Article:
2020 | rated R | starring Issa Rae, Kumail Nanjiani | directed by Michael Showalter | 1 hr 26 mins |
One of the best movies of 2017 was The Big Sick. Directed by Michael Showalter and written by Kumail Nanjiani and Emily Gordon, it was a tightly scripted and refreshingly sweet romantic comedy at a time when Hollywood has put a bullet in the head of cute rom-coms. Showalter and Nanjiani reteam here, but The Lovebirds is more caustic Hollywood rom-com than anything close to the sweetness of The Big Sick. Instead of telling a story, it’s one of those Everything Goes Crazy movies where after a high-concept set-up the movie just clotheslines us with a series of random “outrageous” set pieces and our leads are forced to improvise banter to fill the silence.
Borrowing the framework from another Everything Goes Crazy movie, the Tina Fey/Steve Carrell vehicle Date Night, Lovebirds springboards off of the sputtering relationship between Jibran (Nanjiani) and Leilani (Issa Rae). Their latest fight has resulted in a mutual break-up seconds before a bicyclist slams into their car windshield and is murdered by a mysterious man in front of them. The duo run off with the bicyclist’s phone, looking very guilty and decide the only way to clear their name is to try to solve the murder themselves, going deeper and deeper into a shady New Orleans syndicate with crooked politicians and assassins.
The random craziness that pays it off involves Rae in a unicorn costume, secret sex clubs and a bizarre set piece where a politician and his wife tie up the duo and force them to choose between a pan of bacon grease to the face or being kicked by a horse in a barn. I mean, what the hell is this? It’s like the movie was put together with a spinning cage of lottery balls (one such is featured in the climax). One ball said “horse”, another said “bacon” and some studio suit barked “make a romance out of this!”
Nanjiani and Rae are quite good together. Early in The Lovebirds I appreciated how underplayed their one-liners were. This isn’t the type of movie where Will Ferrell and John C. Reilly scream and cry at each other for 90 minutes and for that I deeply appreciated. The problem is the entire movie has that flat tone, even when we get into action scenes or moments of the exes bonding again. Lovebirds requires bigger, more cinematic set pieces than what Showalter can handle here and the mangled pieces are slapped together awkwardly. Joke after joke not only doesn’t land, but feels old and molded over. Jokes referencing The Amazing Race and Katy Perry’s “Firework” feel like a script that sat on the shelf for years and never got a touch up. This is a movie that goes into a Venetian-masked anonymous sex party and makes a “where’s the beef” joke instead of the Eyes Wide Shut joke just sitting on the plate. Everything here sounds too lose, like someone should have made a few more passes at this draft. It’s an object lesson in comparison for what Game Night did so spectacularly well, if anyone needs a reminder of that.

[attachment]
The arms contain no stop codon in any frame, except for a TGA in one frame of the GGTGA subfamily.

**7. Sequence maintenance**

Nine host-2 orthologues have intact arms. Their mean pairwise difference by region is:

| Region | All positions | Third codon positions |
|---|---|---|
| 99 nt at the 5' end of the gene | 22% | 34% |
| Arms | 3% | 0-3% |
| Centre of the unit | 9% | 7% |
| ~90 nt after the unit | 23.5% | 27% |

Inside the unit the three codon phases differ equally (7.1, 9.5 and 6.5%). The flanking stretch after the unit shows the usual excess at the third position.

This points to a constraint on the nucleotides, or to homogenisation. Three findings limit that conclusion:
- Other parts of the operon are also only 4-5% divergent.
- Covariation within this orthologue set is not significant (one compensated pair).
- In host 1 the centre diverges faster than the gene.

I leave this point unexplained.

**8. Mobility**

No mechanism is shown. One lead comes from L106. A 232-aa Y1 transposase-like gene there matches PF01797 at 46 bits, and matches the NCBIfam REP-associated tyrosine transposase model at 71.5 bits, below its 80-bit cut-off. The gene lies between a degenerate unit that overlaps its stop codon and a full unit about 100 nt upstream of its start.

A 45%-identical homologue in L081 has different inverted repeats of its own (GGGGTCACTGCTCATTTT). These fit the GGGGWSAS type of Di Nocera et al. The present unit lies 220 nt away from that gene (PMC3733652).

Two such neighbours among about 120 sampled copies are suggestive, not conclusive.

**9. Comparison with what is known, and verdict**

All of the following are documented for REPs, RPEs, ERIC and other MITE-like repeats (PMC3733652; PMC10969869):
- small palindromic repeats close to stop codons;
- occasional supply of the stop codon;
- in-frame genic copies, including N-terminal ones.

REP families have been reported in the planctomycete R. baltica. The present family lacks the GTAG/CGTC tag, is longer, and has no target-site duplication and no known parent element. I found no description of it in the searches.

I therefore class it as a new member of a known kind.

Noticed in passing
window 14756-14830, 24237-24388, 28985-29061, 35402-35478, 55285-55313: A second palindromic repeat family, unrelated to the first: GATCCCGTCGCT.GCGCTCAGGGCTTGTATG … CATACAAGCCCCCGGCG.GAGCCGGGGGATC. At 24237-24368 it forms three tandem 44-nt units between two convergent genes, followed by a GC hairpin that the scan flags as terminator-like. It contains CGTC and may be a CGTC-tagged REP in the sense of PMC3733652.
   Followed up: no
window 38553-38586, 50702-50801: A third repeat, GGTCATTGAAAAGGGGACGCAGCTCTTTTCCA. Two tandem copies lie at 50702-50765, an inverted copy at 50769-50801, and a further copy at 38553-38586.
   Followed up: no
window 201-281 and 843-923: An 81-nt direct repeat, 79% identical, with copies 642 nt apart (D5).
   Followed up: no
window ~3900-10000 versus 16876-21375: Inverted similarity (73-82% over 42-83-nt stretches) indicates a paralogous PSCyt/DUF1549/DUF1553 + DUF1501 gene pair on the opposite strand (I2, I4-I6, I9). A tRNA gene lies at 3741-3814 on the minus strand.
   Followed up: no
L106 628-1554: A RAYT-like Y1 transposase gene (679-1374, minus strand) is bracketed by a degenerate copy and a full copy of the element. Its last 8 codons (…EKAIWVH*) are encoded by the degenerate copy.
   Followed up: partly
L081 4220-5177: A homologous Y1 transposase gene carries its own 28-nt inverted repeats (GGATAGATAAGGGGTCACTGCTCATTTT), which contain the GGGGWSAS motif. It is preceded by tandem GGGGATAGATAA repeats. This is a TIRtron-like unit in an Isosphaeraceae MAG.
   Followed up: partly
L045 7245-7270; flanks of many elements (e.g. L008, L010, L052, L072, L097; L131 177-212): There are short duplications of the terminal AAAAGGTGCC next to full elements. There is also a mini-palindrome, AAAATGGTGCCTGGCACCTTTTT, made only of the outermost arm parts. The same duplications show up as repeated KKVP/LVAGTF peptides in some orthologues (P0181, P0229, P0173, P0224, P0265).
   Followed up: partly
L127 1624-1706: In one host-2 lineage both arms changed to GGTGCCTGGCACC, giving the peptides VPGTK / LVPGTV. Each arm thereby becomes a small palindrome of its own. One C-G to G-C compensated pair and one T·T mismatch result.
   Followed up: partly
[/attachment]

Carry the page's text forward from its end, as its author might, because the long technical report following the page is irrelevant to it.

With a thinly veiled premise to begin with and more one-liners than character concern, The Lovebirds runs out of gas very early. It relies very heavily on the chemistry of two talented leads but then lets them hand out to dry without a solid script. Lovebirds is the latest movie dropped onto at-home streaming after the Covid-19 pandemic shut down theaters in 2020. This may proved to be an interesting strategy going forward: funnel low-stakes comedies like this into the hands of viewers with a very low barrier for entry before they can be savaged by critics or bad word mouth can spread. That lower investment creates lower expectations. The Lovebirds is certainly a step above the Adam Sandler/David Spade crap that Netflix is churning out (Nanjiani and Rae are too good for that) but it is still a lazy piece of improv comedy that fell apart somewhere in the edit and Showalter was unable to be put back together. We should ask for better.
Credit: As far as I can tell, the Everything Goes Crazy description for this particular movie trope was coined by Jay Bauman at Red Letter Media. Go to redlettermedia.com